The little car was jammed full of boxes and curled heaps of clothes on hangers. It sat low on its springs, under all these possessions heavy as passengers. Nick stood by it, still thinking, and then drifted unexpectedly down the street. The pavement was dry now in patches, but the sky was threatening and fast-moving. The tall white house fronts had a muted gleam. It came over him that the test result would be positive. The words that were said every day to others would be said to him, in that quiet consulting room whose desk and carpet and square modern armchair would share indissolubly in the moment. There was a large tranquil photograph in a frame, and a view of the hospital chimney from the window. He was young, without much training in stoicism. What would he do once he left the room? He dawdled on, rather breathless, seeing visions in the middle of the day. He tried to rationalize the fear, but its pull was too strong and original. It was inside himself, but the world around him, the parked car, the cruising taxi, the church spire among the trees, had also been changed. They had been revealed. It was like a drug sensation, but without the awareness of play. The motorcyclist who lived over the road clumped out in his leathers and attended to his bike. Nick gazed at him and then looked away in a regret that held him and glazed him and kept him apart. There was nothing this man could do to help him. None of his friends could save him. The time came, and they learned the news in the room they were in, at a certain moment in their planned and continuing day. They woke the next morning, and after a while it came back to them. Nick searched their faces as they explored their feelings. He seemed to fade pretty quickly. He found himself yearning to know of their affairs, their successes, the novels and the new ideas that the few who remembered him might say he never knew, he never lived to find out. It was the morning’s vision of the empty street, but projected far forward, into afternoons like this one decades hence, in the absent hum of their own business. The emotion was startling. It was a sort of terror, made up of emotions from every stage of his short life, weaning, homesickness, envy and self-pity; but he felt that the self-pity belonged to a larger pity. It was a love of the world that was shockingly unconditional. He stared back at the house, and then turned and drifted on. He looked in bewilderment at number 24, the final house with its regalia of stucco swags and bows. It wasn’t just this street corner but the fact of a street corner at all that seemed, in the light of the moment, so beautiful.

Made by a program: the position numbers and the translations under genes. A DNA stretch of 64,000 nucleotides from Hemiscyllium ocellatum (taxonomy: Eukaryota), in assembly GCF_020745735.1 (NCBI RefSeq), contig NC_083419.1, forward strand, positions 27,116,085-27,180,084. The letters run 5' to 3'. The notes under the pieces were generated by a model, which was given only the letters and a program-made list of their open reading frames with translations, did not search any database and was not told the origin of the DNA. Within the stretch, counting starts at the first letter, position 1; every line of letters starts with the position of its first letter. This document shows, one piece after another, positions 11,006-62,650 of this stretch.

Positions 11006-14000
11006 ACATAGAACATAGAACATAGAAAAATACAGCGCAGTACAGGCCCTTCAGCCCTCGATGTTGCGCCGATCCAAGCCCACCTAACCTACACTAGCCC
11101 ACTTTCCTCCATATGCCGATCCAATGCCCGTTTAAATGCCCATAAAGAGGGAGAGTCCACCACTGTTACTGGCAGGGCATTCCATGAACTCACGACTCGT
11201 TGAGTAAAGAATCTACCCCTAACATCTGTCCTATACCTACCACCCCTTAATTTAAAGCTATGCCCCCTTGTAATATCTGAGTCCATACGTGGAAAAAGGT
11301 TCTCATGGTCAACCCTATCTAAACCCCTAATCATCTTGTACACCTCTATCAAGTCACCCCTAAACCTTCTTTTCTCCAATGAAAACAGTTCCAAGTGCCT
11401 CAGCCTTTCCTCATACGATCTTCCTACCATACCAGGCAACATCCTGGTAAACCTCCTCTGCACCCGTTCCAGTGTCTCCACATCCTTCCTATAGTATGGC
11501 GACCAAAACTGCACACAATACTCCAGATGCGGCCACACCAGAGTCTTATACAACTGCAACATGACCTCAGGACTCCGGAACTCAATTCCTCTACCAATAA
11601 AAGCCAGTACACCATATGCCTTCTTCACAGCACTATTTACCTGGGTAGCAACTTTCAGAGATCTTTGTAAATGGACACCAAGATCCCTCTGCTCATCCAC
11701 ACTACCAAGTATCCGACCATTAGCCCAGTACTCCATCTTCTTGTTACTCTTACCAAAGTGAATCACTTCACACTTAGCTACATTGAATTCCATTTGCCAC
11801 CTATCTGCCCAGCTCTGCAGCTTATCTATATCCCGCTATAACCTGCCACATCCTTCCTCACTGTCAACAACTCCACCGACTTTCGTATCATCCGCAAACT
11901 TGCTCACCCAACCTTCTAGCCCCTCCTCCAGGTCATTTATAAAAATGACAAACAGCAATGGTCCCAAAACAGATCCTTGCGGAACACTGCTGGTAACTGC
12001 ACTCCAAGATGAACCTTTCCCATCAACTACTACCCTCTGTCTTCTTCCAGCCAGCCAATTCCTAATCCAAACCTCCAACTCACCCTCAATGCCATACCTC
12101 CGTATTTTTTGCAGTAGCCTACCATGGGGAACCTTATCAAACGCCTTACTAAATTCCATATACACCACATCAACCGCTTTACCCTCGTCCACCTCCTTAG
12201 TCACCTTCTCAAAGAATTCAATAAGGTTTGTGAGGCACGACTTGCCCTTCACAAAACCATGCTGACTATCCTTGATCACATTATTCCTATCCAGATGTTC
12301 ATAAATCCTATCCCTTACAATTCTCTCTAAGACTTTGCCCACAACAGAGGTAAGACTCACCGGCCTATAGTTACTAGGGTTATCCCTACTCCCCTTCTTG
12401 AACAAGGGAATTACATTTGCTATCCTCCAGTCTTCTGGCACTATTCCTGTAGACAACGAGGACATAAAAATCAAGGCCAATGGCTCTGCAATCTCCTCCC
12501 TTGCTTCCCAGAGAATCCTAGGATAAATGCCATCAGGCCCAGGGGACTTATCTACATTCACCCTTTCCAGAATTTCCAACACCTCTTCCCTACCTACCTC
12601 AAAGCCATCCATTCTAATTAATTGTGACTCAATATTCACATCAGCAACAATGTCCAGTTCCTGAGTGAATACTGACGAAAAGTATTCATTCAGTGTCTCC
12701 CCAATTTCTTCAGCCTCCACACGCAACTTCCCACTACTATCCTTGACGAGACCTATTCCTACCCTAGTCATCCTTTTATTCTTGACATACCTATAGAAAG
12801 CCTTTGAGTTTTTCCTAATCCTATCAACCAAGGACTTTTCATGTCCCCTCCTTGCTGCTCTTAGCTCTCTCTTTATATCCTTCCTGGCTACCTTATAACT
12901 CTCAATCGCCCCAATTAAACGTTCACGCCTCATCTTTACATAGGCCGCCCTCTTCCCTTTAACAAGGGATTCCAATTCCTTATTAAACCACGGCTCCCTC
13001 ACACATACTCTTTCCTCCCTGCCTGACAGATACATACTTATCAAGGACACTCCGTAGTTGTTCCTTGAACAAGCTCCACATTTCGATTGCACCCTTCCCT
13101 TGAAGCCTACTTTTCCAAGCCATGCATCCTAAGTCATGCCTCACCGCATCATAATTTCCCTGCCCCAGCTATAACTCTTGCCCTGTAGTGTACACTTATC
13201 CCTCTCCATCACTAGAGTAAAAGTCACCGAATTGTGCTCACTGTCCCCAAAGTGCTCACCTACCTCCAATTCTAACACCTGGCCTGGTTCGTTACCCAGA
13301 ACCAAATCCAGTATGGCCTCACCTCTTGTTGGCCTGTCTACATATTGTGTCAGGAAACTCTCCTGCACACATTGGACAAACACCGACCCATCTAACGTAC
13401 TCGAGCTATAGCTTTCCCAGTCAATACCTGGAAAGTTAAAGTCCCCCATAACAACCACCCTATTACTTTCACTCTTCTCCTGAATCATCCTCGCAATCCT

— Alan Hollinghurst, The Line of Beauty